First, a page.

Charlotte Russe Holding (NASDAQ:CHIC) apparently disappointed some investors quite badly, judging by the stock's movements in response to its third-quarter earnings news. However, could it be that this huge price cut makes teen retailer and fast-fashionista Charlotte Russe a rare retail bargain?

Net income at Charlotte Russe nearly doubled in the third quarter to $10.1 million. Technically, earnings dropped to $0.40 per share for the third quarter, compared with $0.42 per share this time last year. But that's not the whole story, because the company divested its Rampage unit, so earnings from continuing operations were actually $0.40 per share compared with $0.24 per share last year -- and that's pretty impressive. Charlotte Russe's sales increased by 12.2% to $180.3 million, but comps increased a mere 1.3%.

It's never a surprise when investors run for the exits when a company reports earnings and discloses that its next quarter is going to be challenging. That's what Charlotte Russe is doing. The company expects that comps will be flat in the fourth quarter and that earnings from continuing operations will be $0.34 to $0.37 per share. Analysts had expected earnings of $0.49 per share for the fourth quarter -- quite a noteworthy discrepancy.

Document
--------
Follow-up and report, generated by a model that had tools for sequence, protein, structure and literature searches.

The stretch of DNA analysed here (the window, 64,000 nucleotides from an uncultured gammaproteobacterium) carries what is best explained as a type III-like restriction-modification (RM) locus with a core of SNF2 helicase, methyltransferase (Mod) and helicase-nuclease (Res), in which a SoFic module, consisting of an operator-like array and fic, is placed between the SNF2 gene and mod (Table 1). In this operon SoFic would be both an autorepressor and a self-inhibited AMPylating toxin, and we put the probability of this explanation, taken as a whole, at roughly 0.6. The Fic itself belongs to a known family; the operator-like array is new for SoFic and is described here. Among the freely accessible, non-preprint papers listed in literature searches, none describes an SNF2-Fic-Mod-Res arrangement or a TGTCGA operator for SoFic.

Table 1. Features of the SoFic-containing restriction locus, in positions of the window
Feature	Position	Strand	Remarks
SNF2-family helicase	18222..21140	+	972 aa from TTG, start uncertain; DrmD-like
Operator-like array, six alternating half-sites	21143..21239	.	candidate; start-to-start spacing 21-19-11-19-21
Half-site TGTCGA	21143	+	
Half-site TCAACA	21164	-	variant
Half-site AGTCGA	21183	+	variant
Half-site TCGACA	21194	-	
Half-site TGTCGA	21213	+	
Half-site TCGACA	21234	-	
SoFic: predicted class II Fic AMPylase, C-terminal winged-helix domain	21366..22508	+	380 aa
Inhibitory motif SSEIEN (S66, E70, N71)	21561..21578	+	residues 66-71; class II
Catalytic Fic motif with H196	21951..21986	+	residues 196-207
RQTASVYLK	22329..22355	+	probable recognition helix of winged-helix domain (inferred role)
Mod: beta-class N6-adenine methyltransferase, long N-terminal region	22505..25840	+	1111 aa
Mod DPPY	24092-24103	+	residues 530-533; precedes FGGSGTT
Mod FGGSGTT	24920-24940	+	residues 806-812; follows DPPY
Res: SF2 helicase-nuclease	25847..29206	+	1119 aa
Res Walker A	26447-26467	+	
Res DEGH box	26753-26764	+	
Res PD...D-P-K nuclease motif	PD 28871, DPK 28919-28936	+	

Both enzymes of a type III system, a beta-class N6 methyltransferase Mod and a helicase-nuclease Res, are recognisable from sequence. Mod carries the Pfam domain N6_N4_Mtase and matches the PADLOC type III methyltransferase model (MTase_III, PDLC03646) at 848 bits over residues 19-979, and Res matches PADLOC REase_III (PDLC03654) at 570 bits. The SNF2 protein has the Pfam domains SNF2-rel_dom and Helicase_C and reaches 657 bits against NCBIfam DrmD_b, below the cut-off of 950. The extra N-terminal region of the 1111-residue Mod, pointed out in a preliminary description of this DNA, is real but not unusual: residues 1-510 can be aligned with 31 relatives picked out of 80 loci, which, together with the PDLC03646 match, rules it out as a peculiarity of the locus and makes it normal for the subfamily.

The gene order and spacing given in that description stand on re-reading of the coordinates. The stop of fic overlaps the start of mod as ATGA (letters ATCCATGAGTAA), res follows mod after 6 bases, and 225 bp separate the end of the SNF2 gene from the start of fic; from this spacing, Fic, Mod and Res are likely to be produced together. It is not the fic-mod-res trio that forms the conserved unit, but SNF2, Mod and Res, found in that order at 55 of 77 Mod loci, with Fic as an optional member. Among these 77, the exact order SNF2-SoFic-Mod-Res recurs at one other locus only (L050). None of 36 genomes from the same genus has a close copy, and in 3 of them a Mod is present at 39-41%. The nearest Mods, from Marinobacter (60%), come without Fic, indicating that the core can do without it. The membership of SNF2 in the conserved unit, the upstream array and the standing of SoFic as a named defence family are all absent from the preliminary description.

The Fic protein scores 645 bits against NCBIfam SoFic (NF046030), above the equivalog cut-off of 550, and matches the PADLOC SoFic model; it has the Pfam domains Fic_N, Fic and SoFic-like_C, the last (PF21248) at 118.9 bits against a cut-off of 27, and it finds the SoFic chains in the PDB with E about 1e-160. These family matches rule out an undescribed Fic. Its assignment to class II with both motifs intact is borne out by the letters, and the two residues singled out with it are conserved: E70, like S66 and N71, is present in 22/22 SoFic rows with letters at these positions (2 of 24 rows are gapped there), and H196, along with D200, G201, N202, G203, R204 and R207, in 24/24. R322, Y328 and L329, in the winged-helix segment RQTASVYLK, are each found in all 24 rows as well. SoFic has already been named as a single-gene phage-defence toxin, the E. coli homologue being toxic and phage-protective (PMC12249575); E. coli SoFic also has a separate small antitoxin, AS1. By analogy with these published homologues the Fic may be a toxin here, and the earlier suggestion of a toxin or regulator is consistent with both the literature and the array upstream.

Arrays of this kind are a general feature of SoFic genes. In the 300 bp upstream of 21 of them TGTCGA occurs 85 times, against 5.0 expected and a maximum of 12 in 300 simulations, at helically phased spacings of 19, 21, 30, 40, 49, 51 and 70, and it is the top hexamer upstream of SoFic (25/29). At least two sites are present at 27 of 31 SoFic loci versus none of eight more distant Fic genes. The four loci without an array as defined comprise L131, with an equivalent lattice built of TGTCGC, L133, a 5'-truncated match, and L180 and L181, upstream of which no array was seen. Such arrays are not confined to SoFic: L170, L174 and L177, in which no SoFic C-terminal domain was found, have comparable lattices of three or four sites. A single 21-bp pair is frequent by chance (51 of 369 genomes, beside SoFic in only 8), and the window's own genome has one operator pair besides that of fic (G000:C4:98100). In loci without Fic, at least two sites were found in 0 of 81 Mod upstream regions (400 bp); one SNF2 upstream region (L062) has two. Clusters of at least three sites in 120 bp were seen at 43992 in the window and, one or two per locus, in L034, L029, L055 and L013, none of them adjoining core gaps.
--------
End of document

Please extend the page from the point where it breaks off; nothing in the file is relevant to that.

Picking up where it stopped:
When stocks get smacked around the way Charlotte Russe's did yesterday, that doesn't necessarily translate into great bargains, even at reduced prices. Panera's (NASDAQ:PNRA) quarterly results on Wednesday proved that. Likewise, Gap (NYSE:GPS) is another clothing retailer that has had trouble getting its turnaround on track, and despite its ongoing problems over the last couple years, I've never been convinced that it had fallen to tempting bargain territory.

Yet I'm also fascinated that Charlotte Russe is now trading at just 10 times trailing earnings. As I already mentioned, Gap's been having issues for quite some time, and its price-to-earnings ratio is 20. Hot Topic (NASDAQ:HOTT) also has several years of lackluster results under its belt, and it's trading at a whopping 31 times earnings. Meanwhile, Charlotte Russe actually has cash on the balance sheet -- which increased by 34% to $87.5 million on a year-over-year basis -- and no debt. It's still growing, and it's opening 50 new stores this year; it currently has 408.

Part of the thesis here, of course, is that Charlotte Russe is simply suffering from a temporary setback and will quickly get things back on track. Look back to January; investors reacted violently to its quarterly results then, too. Although analysts expect Charlotte Russe to deliver double-digit earnings growth over the next couple of years, if the company's merchandise isn't resonating with teens -- or if consumer spending simply dries up, a common fear right now -- it certainly might spell longer-term trouble for this company. However, given the likelihood that this is just a temporary setback for a company whose stock has dropped 27% year to date, Charlotte Russe may just be a tantalizing idea for investors to consider.  

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Alyce Lomax does not own shares of any of the companies mentioned. The Fool's disclosure policy has six pairs of oversized sunglasses.